I realise that I've concentrated thus far on the vocal tracks, but the disc's three instrumental medleys are no less enjoyable, attractively scored and played - Mel contributes two tunes, including the mildly riotous Brexit Biscuits (which by means of a neat passage of vocal diddling segues comfortably into a traditional 3/8 bour�e). An embodiment of the sense of pure joy - and the spirit of the dance - that Moirai bring to their music-making. And I love Mel's intriguing and thoughtful artwork too, streaming through the package.

The Living Tradition

John Oke Bartlett

Moirai is a band of three confident ladies who perform with aplomb and assurance, which of course is everything one would expect from their exemplary musical pedigree: Jo Freya � Blowzabella, Token Women, Fraser Sisters; Sarah Matthews � Cupola, Cupola:Ward; Melanie Biggs � Former All Blacked Up. The name Moirai comes from Greek mythology depicting the three goddesses of fate who assign every person their allotted destiny by weaving a personal thread of life. The choice of Moirai as a group name is interesting and, in my view, perfectly encapsulates and personifies the essence of the group.

There is something for everybody on this, their second CD, with a mix of musical tastes that combine in a unique style that is a joy to listen to. There is a distinctive quality to their overall sound which is quite inspiring. From a personal point of view, some of the subject material perhaps leans towards a feminine perspective, but there is nothing wrong in that. I particularly liked the instrumental mix and production values of Here & Now - saxophones, clarinets, whistles, flutes and the more usual violin, melodeon and guitar. The choice of instruments available to this talented trio, and perhaps more importantly what to do with them, have created truly creative, robust and innovative arrangements. Of course, their musical talent doesn't end here because there is also a fine vocal track laid over the whole with fine harmony work throughout.

On closer inspection, whilst the music is a fusion of styles, some British with the occasional nod towards a European sound, the actual material is firmly rooted in influences and tunes found deep within the tradition. This is a great accolade; to weave contemporary music and older material into a cohesive whole is a very fine skill and a great strength of the group's identity. A really fine example of great craftsmanship can be found in the �poignant pair of mazurkas�, Muna And Mimi / Steve Fisher's Lament, composed by Jo Freya and Mel Biggs respectively, which I am sure, if they aren't already, are destined to become mainstays of sessions the length and breadth of the land. There is a seamless quality to the various tunes that have been employed and twisted together into the construction of some of the tracks, which is quite awe-inspiring.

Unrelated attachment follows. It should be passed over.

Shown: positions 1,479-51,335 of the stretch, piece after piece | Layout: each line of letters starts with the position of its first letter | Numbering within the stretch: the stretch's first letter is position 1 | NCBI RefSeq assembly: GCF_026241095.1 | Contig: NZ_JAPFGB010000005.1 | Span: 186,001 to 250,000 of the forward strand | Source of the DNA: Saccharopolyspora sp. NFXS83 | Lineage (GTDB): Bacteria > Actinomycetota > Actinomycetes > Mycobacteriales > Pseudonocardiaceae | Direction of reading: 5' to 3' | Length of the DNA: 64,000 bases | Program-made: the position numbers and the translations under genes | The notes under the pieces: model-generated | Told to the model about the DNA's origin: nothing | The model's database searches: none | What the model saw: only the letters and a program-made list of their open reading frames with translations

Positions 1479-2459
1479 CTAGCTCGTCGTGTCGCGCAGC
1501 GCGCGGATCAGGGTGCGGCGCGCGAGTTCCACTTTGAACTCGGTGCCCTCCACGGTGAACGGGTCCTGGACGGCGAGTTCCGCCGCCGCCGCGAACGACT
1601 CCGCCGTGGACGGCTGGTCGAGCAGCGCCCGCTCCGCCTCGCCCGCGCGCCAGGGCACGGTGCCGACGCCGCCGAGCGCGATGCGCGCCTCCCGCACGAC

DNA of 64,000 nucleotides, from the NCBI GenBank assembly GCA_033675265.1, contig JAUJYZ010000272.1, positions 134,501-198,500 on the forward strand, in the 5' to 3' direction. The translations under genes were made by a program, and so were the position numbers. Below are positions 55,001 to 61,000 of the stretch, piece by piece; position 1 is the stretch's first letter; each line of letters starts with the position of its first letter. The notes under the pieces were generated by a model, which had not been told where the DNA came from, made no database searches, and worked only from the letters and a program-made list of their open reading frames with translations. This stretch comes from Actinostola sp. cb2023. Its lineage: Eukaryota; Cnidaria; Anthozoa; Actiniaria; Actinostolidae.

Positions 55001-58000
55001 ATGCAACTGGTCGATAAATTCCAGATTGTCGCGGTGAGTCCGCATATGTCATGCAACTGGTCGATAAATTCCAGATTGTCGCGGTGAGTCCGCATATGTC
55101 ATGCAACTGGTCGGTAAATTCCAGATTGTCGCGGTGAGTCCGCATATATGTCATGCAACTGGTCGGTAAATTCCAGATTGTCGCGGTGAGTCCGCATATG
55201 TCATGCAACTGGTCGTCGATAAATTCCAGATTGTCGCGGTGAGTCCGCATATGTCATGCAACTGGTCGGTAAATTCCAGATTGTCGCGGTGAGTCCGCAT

This is a fine CD, highly recommended � Moirai: 'Spinners of Destiny' indeed.

fRoots

Vic Smith

Having heard them in one of their first club performances, then their first album, Sideways, and now this second release, it is pleasing to be able to report the considerable progress and development made by Moirai.  Of course, Jo Freya always brings a lot of sax beefiness and musical insight and adventurousness to the bands she plays with � what a long journey it has been for her for those of us who first heard her playing recorder as a schoolgirl in the early incarnation of the Old Swan Band � but there is more than this in the evolution of this band.

Though every instrumental has its sturdiness, it does not mean that they cannot play with subtlety as a couple of poignant mazurkas show. Elsewhere on the tunes there are some thoughtfully different chord accompaniments and some well known tunes played in different modal settings.

For all that, it is the songs and their treatments which impress most. Moirai's earlier repertoire included some rather whimsical pieces but here all the songs show their strength in different ways. Jo contributes two that she has written, and a song like The Bellamont Sisters by Sarah Matthews could only be written by someone who has a deep understanding of traditional song and ballads.

The real triumph of the album is the way they approach The Bedmaking, probably the best of the recordings of this lively song. The way they intersperse the words and tunes throughout with various versions of The Cuckoo's Nest, their arrangements, harmonies, accompaniments could be regarded as prime examples of how to be creative with respect to the tradition.

There is not a weak track on the album.